For the international market, the City of London should be an easy sell. Get your camera angles right and you can shoot your apartment block against a backdrop of some of the world’s best-known landmarks, St Paul’s Cathedral, Tower Bridge and the Tower of London — invaluable marketing material when you take it out to a property roadshow in Hong Kong, where the Heron was launched in 2010.

A similar trend has been seen in New York, where residential developments are increasingly being added to redevelopments on and around Wall Street, which like the City of London used to be a domestic desert. There could be few things more symbolic that the conversion of JP Morgan’s old headquarters at 23 Wall Street into a condominium development.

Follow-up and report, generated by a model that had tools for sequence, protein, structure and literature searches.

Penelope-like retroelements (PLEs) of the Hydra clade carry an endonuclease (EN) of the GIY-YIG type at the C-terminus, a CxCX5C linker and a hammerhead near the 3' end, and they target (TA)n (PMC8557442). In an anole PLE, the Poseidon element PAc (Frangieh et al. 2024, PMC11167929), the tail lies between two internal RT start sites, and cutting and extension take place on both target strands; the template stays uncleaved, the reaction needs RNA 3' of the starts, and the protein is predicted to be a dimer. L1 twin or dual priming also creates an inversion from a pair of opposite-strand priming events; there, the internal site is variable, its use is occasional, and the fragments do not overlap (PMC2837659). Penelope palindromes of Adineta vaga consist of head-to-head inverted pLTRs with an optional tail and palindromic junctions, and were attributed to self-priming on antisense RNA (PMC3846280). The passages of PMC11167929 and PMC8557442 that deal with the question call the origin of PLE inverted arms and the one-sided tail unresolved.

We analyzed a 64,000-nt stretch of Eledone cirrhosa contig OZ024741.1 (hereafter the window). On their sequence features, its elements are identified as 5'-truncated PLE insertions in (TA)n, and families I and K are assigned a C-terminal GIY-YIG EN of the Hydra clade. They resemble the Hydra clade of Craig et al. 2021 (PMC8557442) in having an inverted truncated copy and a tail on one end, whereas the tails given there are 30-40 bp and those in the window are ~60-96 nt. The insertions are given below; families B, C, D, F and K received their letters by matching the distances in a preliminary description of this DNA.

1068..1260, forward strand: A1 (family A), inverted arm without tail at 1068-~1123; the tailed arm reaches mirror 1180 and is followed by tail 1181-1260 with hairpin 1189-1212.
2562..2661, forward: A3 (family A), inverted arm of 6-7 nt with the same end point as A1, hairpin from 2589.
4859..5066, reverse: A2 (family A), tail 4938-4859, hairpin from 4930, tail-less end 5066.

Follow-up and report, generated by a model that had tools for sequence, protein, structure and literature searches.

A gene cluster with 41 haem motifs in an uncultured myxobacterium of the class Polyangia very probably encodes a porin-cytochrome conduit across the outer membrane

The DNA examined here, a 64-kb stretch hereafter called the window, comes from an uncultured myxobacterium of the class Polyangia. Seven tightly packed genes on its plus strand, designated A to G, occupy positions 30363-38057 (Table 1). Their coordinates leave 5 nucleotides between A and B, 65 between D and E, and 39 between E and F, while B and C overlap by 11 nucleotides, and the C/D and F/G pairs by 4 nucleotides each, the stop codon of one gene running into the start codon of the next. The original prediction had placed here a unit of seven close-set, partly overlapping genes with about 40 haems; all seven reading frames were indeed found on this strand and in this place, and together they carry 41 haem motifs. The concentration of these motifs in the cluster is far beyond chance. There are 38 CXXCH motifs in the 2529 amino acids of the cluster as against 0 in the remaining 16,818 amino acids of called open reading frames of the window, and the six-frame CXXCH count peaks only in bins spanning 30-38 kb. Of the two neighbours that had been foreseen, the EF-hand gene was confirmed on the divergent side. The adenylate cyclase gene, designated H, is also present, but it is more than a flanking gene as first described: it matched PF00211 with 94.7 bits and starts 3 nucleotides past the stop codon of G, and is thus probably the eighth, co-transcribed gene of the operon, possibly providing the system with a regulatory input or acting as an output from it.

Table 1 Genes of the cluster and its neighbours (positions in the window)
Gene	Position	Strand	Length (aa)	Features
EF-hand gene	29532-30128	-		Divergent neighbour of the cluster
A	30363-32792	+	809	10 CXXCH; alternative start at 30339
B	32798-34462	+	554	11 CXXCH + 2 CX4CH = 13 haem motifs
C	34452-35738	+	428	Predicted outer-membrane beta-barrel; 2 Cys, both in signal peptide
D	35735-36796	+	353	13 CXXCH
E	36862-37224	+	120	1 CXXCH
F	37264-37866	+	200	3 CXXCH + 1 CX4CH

The old Port of London building at 10 Trinity Square is being transformed into 41 apartments and a hotel as part of the City’s rebirth as a residential area. 
WHETHER FINANCIAL DISTRICTS will continue to sprout residential developments depends ultimately not on residential demand in isolation, but on the relative price of a square metre of office space compared with a square metre of apartment space. If the former once again creeps above the latter, you can probably say goodbye to brochures of fancy bathrooms and sumptuous bedrooms.

In fact, the office-builders have already come back this year: according to Knight Frank, the amount of money invested in commercial property in the City of London in the second quarter of 2012 was 62 per cent up on the same quarter a year earlier, reaching its highest level since 2007.

In other words, the City isn’t about to become Chelsea. But maybe that is a good thing.

Photograph by Jorge Luis Dieguez